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Achilles pain

Achilles tendon pain conditions are quite common issues among individuals at various fitness levels. On a population level, Achilles tendon pain (mid-portion tendinopathy) affects an estimated 6.2–9.5% [2], of which approximately 35% are physically active [3]. Often, Achilles tendon pain arises when runners pull out their sneakers as the snow melts and start their running routine "again." This is often seen in clinics around the beginning of summer when the client's condition has escalated to the point where the pain is no longer manageable. In this example, the running routine was initiated with too much intensity and speed, causing the tendons to not have sufficient time to recover. In other words, Achilles tendon pain is strongly associated with relative tendon overload. Achilles tendon pain is referred to as Achilles tendon tendinopathy. Tendinopathy refers to tendon-related pain, often associated with a decrease in performance, such as pain during force production [1]. Previously, terms such as tendonitis or tendinosis were used for Achilles tendon pain, but these terms are no longer in use today. [4]


The development of Achilles tendon tendinopathy is strongly influenced by both internal and external factors.

Internal factors include aging, increased body weight, genetics, previous injuries in the Achilles tendon area, diabetes, or high cholesterol levels. External factors include excessive relative increases in load, training environment, or certain shoe choices. As mentioned above, with the relative overload of the Achilles tendon, the tendon's ability to recover decreases, leading to structural changes in the Achilles tendon. These changes may contribute to pain and weaken the tendon's ability to transmit forces during performance. However, it is important to remember that in cases of long-standing pain, tissue damage may not fully explain the pain, as the issues lie in the central nervous system's pain processing. [4].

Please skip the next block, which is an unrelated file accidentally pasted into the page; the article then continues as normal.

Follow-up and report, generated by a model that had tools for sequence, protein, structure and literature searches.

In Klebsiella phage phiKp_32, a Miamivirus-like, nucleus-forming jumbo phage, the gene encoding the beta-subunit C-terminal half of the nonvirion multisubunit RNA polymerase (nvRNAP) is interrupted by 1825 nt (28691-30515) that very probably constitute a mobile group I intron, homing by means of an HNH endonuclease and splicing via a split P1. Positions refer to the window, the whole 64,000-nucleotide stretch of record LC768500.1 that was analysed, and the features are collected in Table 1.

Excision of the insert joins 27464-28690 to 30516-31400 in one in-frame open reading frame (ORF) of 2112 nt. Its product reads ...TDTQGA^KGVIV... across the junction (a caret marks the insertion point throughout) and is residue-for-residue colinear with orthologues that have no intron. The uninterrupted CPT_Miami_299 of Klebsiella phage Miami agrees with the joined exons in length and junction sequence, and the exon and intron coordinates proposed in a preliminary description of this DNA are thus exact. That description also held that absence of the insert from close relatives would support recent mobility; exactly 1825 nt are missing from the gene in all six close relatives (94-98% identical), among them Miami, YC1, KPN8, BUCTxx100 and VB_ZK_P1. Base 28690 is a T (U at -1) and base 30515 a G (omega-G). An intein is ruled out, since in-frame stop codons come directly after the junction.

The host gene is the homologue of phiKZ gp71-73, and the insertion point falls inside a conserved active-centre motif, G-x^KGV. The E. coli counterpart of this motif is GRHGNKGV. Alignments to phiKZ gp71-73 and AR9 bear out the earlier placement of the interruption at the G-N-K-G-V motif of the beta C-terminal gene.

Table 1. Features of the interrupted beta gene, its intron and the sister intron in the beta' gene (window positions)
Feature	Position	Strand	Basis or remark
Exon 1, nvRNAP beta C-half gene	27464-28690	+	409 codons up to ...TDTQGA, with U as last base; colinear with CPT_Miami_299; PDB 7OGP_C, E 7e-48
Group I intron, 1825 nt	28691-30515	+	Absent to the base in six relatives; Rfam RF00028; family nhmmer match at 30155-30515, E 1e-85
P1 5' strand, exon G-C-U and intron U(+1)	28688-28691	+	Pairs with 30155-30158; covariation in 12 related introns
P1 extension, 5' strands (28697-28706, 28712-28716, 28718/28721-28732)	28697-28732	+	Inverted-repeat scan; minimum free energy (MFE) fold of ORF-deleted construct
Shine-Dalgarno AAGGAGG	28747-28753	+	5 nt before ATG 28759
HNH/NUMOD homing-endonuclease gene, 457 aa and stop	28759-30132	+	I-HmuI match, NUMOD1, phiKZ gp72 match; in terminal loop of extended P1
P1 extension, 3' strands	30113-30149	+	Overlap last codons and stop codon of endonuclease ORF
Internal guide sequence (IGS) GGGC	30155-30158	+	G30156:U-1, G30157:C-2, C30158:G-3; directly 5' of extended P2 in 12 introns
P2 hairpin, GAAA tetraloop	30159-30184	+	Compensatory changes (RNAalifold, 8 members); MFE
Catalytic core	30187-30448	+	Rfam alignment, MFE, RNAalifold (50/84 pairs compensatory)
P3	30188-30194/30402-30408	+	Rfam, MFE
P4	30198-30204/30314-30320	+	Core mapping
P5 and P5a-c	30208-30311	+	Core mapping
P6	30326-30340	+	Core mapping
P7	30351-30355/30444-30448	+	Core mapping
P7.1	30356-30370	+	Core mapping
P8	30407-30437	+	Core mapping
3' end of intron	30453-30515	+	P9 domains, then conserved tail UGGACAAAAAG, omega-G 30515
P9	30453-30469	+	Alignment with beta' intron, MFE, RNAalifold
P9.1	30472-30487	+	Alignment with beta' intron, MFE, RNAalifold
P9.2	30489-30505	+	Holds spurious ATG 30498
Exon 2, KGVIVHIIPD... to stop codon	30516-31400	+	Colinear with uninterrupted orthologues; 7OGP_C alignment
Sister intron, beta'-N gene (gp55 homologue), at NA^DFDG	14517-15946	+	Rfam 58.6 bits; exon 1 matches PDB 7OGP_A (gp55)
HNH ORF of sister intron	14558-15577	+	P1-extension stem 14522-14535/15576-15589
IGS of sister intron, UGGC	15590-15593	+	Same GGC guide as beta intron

How can Achilles tendon pain be treated?

The focus of treating Achilles tendon tendinopathy is gradually progressing therapeutic exercise. In the early stages of treatment, it may be beneficial to cease activities that provoke pain and focus on performing other exercises that load the Achilles tendon (such as calf raises). Various variations of calf raises can primarily load the Achilles tendon. For example, performing calf raises with bent knees can specifically load the broad calf muscle. Weakness in this muscle has been observed in individuals with Achilles tendon tendinopathy.

However, if managing Achilles tendon pain proves difficult, it would be advisable to seek the help of a competent healthcare professional such as an osteopath, physiotherapist, or naprapath. During the consultation, the nature of the problem is determined through interviews and functional tests. Additionally, a treatment plan is established to help the client reach their own goals.

Joonas Virtanen

Osteopath & sports massage therapist

Flexus Terveyspalvelut

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[1] Xu et al. 2008. The Basic Science of Tendinopathy. Clinical Orthopaedics and Related


[2] Murphy et al. 2018. Rate of improvement of pain and function in mid-portion Achilles

tendinopathy with loading protocols: a systematic review and longitudinal meta-analysis.

Sports Medicine.

[3] Jonge et al. 2011. Incidence of midportion Achilles tendinopathy in the general

population. British Journal of Sports Medicine.

[4] Martin et al. 2018. Achilles Pain, Stiffness, and Muscle Power Deficits: Midportion

Achilles Tendinopathy Revision 2018. Journal of Orthopaedic and Sports Physical


[5] Cardoso et al. 2019. Current trends in tendinopathy management. Best Practice and

Research Clinical Rheumatology.

[6] O`Neill et al. 2019. Plantarflexor strength and endurance deficits associated with mid-

portion Achilles tendinopathy: the role of soleus. Physical Therapy in Sport.


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